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Why grow pasture legumes?
A hard-seeded legume-based pasture can:
- offer free nitrogen which improves the productivity of other pasture species, the persistence of the pasture and the nutritional content of the whole pasture
- fix free nitrogen for the cropping phase of the rotation
- extend the production window
- improve pasture resilience to climatic conditions and seasonal variation due to their deep roots and/or capacity to produce sufficient seed for regeneration in subsequent years, even under adverse growing conditions
- provide more options for weed control in preparation for the cropping phase
- improve overall soil health
- regenerate after the cropping phase without re‑sowing (species and variety-specific)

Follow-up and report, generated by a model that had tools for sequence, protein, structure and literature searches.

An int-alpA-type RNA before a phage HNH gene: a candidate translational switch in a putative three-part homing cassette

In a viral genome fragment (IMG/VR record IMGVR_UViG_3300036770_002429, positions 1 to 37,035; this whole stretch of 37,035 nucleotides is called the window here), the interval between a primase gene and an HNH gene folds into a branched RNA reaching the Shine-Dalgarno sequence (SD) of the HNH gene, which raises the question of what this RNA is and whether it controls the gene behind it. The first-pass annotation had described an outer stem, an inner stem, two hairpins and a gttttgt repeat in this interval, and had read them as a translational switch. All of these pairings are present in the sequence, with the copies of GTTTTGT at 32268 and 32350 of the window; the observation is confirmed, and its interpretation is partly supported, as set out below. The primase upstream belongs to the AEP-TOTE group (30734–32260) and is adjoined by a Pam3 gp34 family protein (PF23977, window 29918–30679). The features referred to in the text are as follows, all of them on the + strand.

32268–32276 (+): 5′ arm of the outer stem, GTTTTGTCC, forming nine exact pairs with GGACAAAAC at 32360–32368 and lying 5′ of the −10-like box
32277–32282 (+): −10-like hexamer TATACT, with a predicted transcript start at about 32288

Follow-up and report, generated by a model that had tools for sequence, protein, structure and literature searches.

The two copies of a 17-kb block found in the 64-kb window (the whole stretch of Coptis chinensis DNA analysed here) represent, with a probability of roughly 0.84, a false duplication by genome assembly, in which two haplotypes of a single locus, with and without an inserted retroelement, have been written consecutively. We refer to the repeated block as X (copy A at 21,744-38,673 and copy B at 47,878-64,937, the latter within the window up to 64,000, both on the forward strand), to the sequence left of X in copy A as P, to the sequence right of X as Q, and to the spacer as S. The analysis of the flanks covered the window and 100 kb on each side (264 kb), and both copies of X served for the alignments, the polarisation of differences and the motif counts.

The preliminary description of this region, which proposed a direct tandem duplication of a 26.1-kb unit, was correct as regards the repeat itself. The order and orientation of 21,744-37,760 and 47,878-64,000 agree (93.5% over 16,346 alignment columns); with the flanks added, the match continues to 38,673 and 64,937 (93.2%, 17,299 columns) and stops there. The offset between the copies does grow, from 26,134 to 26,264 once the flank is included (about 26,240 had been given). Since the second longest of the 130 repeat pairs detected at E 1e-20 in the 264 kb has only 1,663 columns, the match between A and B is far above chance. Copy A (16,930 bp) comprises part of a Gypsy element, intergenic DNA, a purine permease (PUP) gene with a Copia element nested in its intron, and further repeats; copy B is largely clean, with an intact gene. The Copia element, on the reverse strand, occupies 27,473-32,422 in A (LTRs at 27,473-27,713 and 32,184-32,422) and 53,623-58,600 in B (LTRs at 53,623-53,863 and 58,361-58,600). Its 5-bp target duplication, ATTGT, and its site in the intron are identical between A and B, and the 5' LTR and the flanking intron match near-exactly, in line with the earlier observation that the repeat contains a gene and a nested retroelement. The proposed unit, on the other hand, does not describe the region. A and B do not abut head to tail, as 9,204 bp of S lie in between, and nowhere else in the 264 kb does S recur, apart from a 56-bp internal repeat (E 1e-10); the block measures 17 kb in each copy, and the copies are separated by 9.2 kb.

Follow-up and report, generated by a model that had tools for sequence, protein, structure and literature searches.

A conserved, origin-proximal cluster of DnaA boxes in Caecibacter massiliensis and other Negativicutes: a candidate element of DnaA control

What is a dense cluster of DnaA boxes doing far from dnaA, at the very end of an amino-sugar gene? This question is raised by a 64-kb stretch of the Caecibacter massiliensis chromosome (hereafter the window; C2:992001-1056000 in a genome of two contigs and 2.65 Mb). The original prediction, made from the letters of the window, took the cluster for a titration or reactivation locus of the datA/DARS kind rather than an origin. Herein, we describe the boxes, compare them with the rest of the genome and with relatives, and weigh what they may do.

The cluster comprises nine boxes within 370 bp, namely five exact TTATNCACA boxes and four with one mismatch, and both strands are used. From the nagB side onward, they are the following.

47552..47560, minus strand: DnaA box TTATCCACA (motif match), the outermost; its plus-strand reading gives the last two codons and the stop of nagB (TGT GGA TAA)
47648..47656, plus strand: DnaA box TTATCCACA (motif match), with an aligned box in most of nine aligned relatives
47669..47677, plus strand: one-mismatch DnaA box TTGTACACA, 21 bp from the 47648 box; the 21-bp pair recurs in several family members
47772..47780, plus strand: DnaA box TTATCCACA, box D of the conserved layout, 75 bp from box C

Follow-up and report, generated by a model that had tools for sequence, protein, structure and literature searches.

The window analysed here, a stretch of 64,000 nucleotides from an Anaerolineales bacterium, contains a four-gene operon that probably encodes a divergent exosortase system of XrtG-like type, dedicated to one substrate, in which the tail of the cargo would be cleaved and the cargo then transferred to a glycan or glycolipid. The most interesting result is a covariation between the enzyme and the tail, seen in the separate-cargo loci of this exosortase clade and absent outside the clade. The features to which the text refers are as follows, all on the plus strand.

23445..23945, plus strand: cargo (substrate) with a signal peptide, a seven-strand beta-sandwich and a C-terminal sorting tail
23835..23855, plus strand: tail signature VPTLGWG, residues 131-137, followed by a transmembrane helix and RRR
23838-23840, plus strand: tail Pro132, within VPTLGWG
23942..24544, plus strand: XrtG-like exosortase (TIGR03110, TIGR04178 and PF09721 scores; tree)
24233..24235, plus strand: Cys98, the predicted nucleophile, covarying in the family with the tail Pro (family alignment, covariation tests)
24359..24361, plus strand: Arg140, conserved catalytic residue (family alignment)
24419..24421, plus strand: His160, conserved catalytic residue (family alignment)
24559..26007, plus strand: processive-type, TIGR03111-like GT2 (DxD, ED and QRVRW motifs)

- produce hard seed which can be harvested using standard grain harvesting equipment, reducing costs
- be sown outside the crop sowing window with summer (unscarified or in-pod seed) and dry sowing options
- be sown within the cropping phase using low-cost techniques, such as twin seeding (unscarified or in‑pod seed) with a cereal crop
- produce high quantities of nutritious winter feed
- provide similar and, in some cases, higher weight gain in ewes and lambs in winter and spring compared with lucerne, lucerne/phalaris and volunteer pastures
- be used for a high quality hay (particularly bladder clover) offering similar and, in some cases, higher weight gains than sub-clover or lucerne/oaten hay.